By autumn of 1828, Wellington and Peel were convinced of the necessity of a Catholic emancipation bill, but the king’s strong opposition prevented action until February 5, 1829, when the King’s Address from the Throne proposed Catholic emancipation. Peel introduced the Catholic Relief Bill into the House of Commons on March 5. The bill proposed to grant to Catholics the right to hold most public offices, except those of commander in chief, lord chancellor, regent, lord lieutenant of Ireland, and a few others. On the other hand, the bill restricted the Catholic Church in several ways: The Jesuits were to be expelled, religious orders could not receive property by bequest, and clerical robes could not be worn on public streets. Two other restrictive bills were introduced at the same time. One suppressed the Catholic Association again, and the other raised the property qualifications for voting in Ireland to reduce the number of Catholic voters. These two bills passed easily, since the Liberal supporters of Catholic emancipation believed they were the necessary price for securing passage of the main Catholic Relief Bill.

The debate on the Catholic Relief Bill was bitter, as was the opposition to the Tory party leadership by many rank-and-file Tories who believed that they had been betrayed. Peel lost his seat in a by-election and had to be returned from a pocket borough, while Wellington had to fight a duel to protect his good name after being publicly accused of having insidious plans to introduce “popery” in Britain. Nevertheless, Wellington and Peel pushed the Catholic Relief Bill through rapidly. It passed the House of Commons on March 30 by a vote of 320 to 142 and the House of Lords on April 11 by 111 to 109. The bill was signed into law by the king on April 13. The defeated anti-Catholic group obtained a manner of revenge shortly after by excluding O’Connell on the ground that he was elected before the bill had been passed, although several English Catholic peers had already been admitted to the House of Lords and one Catholic had been elected and seated in the House of Commons. O’Connell might have been admitted, for he made a convincing and well-received speech on his own behalf, but he staunchly refused to take the oath of supremacy; the final vote was 190 to 116 against him.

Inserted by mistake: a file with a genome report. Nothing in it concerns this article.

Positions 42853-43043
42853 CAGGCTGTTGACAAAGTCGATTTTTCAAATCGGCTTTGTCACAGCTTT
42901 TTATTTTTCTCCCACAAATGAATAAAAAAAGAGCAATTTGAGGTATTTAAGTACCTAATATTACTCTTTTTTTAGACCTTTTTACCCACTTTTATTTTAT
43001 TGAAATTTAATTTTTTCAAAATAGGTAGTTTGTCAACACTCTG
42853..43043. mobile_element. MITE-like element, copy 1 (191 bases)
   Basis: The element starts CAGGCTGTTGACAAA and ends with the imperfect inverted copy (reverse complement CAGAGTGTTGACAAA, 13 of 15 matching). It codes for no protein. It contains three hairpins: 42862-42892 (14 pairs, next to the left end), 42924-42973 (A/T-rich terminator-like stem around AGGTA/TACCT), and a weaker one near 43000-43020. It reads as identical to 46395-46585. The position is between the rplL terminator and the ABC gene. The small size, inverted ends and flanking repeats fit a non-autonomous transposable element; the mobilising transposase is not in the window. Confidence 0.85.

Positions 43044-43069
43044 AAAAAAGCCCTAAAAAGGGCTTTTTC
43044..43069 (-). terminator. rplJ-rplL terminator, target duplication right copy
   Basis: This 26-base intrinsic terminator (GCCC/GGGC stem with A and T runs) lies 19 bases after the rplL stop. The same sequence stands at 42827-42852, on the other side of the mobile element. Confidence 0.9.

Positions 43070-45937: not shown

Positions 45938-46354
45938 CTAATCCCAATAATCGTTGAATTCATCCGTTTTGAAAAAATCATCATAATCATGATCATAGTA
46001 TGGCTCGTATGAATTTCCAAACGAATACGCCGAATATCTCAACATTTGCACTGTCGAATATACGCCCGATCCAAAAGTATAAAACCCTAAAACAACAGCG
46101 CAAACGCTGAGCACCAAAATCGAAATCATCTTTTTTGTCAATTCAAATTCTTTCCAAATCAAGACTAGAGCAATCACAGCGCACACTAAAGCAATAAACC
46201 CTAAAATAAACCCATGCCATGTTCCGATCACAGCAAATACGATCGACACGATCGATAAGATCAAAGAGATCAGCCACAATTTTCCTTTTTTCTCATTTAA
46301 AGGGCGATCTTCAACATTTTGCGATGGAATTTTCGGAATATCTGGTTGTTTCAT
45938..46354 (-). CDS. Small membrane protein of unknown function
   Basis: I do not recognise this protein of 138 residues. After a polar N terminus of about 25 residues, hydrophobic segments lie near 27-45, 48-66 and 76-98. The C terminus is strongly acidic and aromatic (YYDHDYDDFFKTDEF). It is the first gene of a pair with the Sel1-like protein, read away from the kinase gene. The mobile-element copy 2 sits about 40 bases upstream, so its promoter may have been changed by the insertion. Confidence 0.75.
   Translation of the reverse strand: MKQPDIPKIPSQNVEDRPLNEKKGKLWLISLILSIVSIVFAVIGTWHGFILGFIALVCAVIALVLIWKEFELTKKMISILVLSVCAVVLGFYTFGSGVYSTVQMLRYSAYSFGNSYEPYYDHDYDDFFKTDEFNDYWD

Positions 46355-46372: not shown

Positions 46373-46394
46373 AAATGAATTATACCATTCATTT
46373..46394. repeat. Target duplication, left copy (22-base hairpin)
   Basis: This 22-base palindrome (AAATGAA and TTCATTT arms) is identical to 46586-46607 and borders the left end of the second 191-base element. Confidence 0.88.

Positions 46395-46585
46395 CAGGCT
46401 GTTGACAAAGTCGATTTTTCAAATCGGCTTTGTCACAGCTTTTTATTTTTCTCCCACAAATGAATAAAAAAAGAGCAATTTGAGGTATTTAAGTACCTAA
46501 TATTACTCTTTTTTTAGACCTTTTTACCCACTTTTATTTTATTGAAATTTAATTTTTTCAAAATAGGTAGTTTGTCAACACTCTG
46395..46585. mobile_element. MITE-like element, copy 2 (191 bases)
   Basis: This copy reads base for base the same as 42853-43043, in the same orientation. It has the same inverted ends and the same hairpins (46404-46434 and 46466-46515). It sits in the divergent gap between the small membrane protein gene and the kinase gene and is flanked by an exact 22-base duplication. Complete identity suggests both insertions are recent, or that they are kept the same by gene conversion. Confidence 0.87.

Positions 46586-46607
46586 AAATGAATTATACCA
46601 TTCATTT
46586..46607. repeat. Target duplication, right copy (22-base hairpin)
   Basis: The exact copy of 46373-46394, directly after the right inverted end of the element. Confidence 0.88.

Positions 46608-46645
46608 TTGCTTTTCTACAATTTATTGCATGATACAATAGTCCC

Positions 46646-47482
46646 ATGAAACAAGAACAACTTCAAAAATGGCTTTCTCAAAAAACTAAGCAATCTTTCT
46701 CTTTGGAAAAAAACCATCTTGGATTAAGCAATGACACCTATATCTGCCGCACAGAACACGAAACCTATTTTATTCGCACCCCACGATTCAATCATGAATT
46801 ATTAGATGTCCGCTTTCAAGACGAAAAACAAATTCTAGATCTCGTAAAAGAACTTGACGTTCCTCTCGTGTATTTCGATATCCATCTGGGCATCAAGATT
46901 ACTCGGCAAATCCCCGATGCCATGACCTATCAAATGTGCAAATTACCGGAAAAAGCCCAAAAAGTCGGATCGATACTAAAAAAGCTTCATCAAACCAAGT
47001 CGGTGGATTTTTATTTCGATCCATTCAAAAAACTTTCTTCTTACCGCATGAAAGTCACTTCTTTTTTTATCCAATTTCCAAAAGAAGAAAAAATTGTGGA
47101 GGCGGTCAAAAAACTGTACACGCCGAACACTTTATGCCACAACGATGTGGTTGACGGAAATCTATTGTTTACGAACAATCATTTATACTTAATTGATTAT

Significance

The Catholic Relief Act gave Catholics of the British Isles most political rights and gave the Irish a role in British politics. Irish gratitude, however, was largely nullified by the accompanying restrictions on the Catholic Church, the Catholic Association, and the Irish franchise, as well as by the exclusion of O’Connell from Parliament. O’Connell’s successful methods, however, set an example for future Anglo-Irish political agitation. Combined with the 1828 Repeal of the Corporation Act of 1661 Test Act of 1671 Test and Corporation Acts, the Catholic Relief Act removed almost all legal religious discrimination against Christians who did not subscribe to the doctrines of the Church of England.

Further Reading
  • citation-type="booksimple"